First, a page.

Upper Peninsula Weekly Fishing Report – March 24, 2021
|Keweenaw Bay: Ice anglers had slow catch rates the last couple of days when the ice was good to fish. Warm temperatures have hit the ice hard and recent high winds have blown a lot of the ice out. Shore anglers have managed to catch a couple Coho and the occasional brown trout and lake herring. Some boats have made their way onto the bay but floating ice chunks are still around. Rivers in the area have started to open up or are close to doing so. Few fish have been caught but anglers reported no fresh fish have moved into the rivers yet.
Cedarville: Anglers reported that there was about 12″ of ice in Musky Bay. The access site to Musky Bay had a small section that was usable but conditions are changing fast. Fishing was good for yellow perch while anglers have been doing a lot of sorting. Anglers jigging minnows and waxworms reported some success harvesting 7-13″ perch with many between 7-11″ in Musky Bay and off Pleasant Point. Anglers fishing in the Cedarville Channel reported having success catching yellow perch.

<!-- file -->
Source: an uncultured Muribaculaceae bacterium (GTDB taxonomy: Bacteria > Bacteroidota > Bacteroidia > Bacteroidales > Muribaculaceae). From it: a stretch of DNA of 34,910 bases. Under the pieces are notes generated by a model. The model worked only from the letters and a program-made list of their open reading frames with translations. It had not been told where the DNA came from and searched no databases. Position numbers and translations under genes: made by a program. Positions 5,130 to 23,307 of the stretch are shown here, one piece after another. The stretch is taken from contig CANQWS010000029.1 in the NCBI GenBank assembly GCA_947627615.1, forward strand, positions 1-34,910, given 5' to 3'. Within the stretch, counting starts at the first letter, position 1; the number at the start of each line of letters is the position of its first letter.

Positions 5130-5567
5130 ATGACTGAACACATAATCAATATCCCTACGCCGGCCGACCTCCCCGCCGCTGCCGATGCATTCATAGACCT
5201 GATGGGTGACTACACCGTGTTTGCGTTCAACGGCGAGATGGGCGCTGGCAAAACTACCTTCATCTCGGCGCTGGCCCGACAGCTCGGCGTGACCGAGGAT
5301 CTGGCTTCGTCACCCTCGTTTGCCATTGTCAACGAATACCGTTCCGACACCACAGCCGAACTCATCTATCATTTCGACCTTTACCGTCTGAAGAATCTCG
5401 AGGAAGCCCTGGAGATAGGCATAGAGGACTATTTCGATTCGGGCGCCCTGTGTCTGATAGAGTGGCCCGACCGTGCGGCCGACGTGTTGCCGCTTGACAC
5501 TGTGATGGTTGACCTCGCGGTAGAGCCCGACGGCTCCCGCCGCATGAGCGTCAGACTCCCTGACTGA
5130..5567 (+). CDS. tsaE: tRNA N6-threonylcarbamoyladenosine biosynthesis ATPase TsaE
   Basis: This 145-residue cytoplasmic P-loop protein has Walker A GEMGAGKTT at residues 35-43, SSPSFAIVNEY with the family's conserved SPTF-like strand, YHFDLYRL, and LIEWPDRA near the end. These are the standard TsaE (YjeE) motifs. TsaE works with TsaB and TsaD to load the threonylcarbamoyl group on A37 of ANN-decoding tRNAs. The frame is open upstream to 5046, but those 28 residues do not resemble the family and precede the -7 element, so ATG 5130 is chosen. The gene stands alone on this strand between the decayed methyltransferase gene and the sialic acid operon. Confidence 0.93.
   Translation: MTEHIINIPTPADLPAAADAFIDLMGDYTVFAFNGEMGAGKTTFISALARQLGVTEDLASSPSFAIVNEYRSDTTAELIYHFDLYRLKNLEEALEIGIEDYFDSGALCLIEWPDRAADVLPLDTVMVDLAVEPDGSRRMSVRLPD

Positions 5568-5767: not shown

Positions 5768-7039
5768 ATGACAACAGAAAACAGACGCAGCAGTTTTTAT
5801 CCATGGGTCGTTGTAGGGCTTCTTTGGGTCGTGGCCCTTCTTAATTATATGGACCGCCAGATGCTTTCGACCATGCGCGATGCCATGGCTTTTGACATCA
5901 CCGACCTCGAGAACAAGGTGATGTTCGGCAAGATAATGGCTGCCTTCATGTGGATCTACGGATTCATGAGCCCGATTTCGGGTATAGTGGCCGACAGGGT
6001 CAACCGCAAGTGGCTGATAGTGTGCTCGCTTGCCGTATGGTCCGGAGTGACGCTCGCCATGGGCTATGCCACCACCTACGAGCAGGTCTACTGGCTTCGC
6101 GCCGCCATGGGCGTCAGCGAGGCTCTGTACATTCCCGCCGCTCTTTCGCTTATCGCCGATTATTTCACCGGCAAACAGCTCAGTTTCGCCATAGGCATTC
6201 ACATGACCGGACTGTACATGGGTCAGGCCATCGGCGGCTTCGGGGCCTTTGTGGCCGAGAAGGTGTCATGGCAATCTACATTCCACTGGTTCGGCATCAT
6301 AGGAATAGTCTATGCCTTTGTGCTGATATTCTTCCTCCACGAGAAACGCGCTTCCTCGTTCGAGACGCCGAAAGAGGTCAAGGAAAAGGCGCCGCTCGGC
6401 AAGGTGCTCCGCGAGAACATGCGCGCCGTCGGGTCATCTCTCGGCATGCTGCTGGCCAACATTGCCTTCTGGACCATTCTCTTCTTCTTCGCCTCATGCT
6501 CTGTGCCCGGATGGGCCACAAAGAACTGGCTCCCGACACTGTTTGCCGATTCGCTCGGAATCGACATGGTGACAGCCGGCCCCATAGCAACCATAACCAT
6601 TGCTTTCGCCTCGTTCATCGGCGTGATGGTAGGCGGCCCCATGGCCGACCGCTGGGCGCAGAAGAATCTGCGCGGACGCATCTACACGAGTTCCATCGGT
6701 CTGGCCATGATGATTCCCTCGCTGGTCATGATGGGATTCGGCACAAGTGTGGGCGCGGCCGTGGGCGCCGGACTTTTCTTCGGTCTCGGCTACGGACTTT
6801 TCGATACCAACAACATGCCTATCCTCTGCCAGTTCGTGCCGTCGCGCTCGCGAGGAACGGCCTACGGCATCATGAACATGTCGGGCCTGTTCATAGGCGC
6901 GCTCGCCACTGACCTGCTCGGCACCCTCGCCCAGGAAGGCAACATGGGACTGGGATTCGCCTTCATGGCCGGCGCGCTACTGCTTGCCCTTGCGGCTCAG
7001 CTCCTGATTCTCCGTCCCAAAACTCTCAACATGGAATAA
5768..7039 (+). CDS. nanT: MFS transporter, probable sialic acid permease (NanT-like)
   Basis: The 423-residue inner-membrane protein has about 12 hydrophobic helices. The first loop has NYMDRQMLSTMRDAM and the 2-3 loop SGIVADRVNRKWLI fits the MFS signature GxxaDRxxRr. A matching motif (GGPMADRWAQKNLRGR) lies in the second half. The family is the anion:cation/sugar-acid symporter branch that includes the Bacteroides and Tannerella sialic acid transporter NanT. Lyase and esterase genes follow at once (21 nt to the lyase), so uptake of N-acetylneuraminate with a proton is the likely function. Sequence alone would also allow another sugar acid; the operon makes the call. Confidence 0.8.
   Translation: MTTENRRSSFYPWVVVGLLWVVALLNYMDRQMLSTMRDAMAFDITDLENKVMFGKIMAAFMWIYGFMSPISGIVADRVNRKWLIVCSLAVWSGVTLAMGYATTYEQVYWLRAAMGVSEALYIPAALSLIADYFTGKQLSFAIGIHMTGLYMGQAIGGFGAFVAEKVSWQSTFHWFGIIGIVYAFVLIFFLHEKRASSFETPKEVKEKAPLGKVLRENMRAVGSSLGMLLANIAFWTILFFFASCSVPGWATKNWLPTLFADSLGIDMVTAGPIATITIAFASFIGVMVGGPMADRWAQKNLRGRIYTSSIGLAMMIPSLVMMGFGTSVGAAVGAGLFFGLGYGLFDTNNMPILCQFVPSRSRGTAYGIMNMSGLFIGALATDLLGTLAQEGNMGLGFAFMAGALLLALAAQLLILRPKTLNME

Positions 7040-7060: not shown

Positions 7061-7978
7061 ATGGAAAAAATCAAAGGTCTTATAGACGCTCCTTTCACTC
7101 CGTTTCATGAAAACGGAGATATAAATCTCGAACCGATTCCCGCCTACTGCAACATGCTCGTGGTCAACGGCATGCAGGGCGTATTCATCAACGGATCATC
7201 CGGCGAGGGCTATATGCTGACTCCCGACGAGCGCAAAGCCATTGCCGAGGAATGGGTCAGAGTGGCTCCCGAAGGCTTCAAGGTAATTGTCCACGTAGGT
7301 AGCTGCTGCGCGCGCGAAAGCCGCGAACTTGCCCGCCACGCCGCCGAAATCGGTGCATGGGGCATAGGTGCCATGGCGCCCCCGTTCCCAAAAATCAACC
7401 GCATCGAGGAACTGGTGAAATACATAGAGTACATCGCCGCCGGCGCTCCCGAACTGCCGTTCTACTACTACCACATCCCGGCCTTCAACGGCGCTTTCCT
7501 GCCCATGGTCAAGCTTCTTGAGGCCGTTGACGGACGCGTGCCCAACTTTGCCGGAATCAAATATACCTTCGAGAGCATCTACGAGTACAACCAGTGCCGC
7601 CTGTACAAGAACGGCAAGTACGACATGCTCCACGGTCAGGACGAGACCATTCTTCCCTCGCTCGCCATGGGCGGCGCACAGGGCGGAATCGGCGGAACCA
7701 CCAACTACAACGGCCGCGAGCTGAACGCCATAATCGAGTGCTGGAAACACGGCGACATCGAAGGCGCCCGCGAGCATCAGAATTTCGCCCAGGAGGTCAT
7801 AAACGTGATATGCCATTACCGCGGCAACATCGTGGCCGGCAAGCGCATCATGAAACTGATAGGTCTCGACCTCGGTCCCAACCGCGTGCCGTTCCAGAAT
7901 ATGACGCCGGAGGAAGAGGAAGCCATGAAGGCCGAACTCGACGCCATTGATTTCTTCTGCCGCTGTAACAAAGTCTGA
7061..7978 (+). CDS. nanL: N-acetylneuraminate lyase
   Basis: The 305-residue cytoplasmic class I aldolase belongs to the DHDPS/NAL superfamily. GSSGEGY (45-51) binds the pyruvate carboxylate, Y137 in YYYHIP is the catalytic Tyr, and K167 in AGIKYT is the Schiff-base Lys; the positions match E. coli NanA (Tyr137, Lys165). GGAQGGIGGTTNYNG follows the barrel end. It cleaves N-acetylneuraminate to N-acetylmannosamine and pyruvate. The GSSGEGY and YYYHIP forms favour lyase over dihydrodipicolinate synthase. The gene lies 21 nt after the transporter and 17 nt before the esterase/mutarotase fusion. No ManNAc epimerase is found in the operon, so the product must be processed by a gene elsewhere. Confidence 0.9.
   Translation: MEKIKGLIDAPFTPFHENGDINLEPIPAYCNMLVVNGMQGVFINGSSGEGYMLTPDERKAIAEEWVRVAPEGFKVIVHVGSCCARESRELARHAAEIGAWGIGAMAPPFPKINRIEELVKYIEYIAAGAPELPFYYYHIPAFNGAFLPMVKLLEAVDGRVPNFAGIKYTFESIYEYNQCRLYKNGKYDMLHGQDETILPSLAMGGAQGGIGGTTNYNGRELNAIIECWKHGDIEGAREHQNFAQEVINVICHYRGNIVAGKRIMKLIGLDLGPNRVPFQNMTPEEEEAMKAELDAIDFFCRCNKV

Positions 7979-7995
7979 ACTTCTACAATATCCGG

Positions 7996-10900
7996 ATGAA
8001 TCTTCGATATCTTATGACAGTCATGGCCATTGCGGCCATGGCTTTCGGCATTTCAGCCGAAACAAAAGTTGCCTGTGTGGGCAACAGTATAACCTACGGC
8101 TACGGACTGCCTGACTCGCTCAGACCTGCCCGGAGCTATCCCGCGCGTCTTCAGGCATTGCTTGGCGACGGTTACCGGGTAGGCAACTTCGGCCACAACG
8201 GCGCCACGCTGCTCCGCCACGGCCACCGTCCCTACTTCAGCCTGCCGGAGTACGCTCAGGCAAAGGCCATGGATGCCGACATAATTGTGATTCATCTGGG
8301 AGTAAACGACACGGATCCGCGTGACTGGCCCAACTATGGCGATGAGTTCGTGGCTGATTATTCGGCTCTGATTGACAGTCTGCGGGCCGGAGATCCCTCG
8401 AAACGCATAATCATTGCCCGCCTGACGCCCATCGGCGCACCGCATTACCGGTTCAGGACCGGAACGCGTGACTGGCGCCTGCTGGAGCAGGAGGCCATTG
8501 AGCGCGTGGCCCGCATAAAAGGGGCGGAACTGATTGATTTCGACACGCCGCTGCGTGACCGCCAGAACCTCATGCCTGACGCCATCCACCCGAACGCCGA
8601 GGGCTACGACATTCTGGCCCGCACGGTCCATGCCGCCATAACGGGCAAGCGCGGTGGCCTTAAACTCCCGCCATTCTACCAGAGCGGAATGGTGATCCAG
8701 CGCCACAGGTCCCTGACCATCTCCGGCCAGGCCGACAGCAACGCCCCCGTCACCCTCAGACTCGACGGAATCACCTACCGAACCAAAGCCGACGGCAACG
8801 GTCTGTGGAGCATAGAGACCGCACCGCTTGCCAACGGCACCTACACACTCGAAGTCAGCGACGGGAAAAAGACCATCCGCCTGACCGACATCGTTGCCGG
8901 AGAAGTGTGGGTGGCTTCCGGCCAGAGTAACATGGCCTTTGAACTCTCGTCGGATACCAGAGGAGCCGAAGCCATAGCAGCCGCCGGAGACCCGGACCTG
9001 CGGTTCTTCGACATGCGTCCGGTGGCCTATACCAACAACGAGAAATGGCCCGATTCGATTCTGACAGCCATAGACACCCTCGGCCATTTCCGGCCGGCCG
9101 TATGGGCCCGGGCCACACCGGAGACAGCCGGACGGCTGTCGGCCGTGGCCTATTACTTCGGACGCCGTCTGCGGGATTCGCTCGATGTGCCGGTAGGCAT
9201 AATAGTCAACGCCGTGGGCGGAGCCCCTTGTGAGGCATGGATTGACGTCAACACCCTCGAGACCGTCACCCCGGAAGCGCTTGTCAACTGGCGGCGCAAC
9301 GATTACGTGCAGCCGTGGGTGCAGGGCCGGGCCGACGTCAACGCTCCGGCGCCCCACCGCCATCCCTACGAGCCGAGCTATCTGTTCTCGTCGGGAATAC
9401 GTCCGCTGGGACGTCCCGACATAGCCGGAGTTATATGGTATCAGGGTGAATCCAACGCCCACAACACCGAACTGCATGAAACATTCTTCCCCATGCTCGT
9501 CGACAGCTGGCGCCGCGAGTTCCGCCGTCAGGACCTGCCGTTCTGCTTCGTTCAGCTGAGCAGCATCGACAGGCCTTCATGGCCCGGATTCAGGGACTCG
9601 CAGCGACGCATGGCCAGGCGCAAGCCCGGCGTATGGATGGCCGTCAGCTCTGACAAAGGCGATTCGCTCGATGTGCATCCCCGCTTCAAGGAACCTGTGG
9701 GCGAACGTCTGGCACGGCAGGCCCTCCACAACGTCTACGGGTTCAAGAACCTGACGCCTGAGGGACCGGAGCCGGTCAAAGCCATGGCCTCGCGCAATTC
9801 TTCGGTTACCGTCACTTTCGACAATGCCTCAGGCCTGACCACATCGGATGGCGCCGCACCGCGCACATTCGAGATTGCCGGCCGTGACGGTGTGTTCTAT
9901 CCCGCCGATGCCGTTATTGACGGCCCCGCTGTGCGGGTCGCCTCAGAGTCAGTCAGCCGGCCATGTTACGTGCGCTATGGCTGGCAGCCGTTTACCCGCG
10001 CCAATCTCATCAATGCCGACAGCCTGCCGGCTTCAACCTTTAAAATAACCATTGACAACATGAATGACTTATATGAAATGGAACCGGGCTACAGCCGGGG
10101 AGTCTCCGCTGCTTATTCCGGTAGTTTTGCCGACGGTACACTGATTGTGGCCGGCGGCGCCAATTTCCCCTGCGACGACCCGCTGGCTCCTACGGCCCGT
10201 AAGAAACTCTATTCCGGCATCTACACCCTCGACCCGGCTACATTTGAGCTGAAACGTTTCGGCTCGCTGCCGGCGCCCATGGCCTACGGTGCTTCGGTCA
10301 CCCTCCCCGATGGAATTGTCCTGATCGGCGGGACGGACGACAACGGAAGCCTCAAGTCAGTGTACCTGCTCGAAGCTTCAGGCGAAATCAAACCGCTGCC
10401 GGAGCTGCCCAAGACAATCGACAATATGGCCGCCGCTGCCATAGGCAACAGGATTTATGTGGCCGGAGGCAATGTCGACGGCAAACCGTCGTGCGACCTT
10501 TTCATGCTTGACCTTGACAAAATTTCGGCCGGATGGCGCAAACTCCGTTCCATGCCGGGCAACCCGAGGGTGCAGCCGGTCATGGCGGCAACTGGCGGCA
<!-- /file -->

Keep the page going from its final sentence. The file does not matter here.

Hessel: The public beach access site was still usable but conditions are changing fast. Anglers reported that about 10-12″ of ice was on the center and west side of Hessel Bay but around the islands and in high current areas the ice is starting to open up. Anglers were jigging minnows and wax worms with success catching smelt, lake trout, splake, and yellow perch. The perch harvested this week have been up to 12″ with majority of the harvest sizes being between 7-10″. Anglers have also been catching 28-32″ (8-11lbs) lake trout and 15-20″ splake jigging minnows with spoons.
Michigan’s numerous piers and breakwalls offer great fishing opportunities throughout the year. Anglers often participate in this activity to target a variety of species, with trout and salmon being two of the most popular.
If you decide to partake in this type of fishing you’ll need a high-quality rod and reel. Technique-wise you’ll want to vary the depth and speed of your retrieves and consider fan-casting as opposed to casting perpendicular to the pier/breakwall.
There are lots of bait options to consider, including spawn bags with steelhead, trout or salmon eggs; live alewives; or night crawlers. You’ll also want a long-handled net to aid in landing your catch!
As always, take plenty of safety precautions when fishing piers and breakwalls.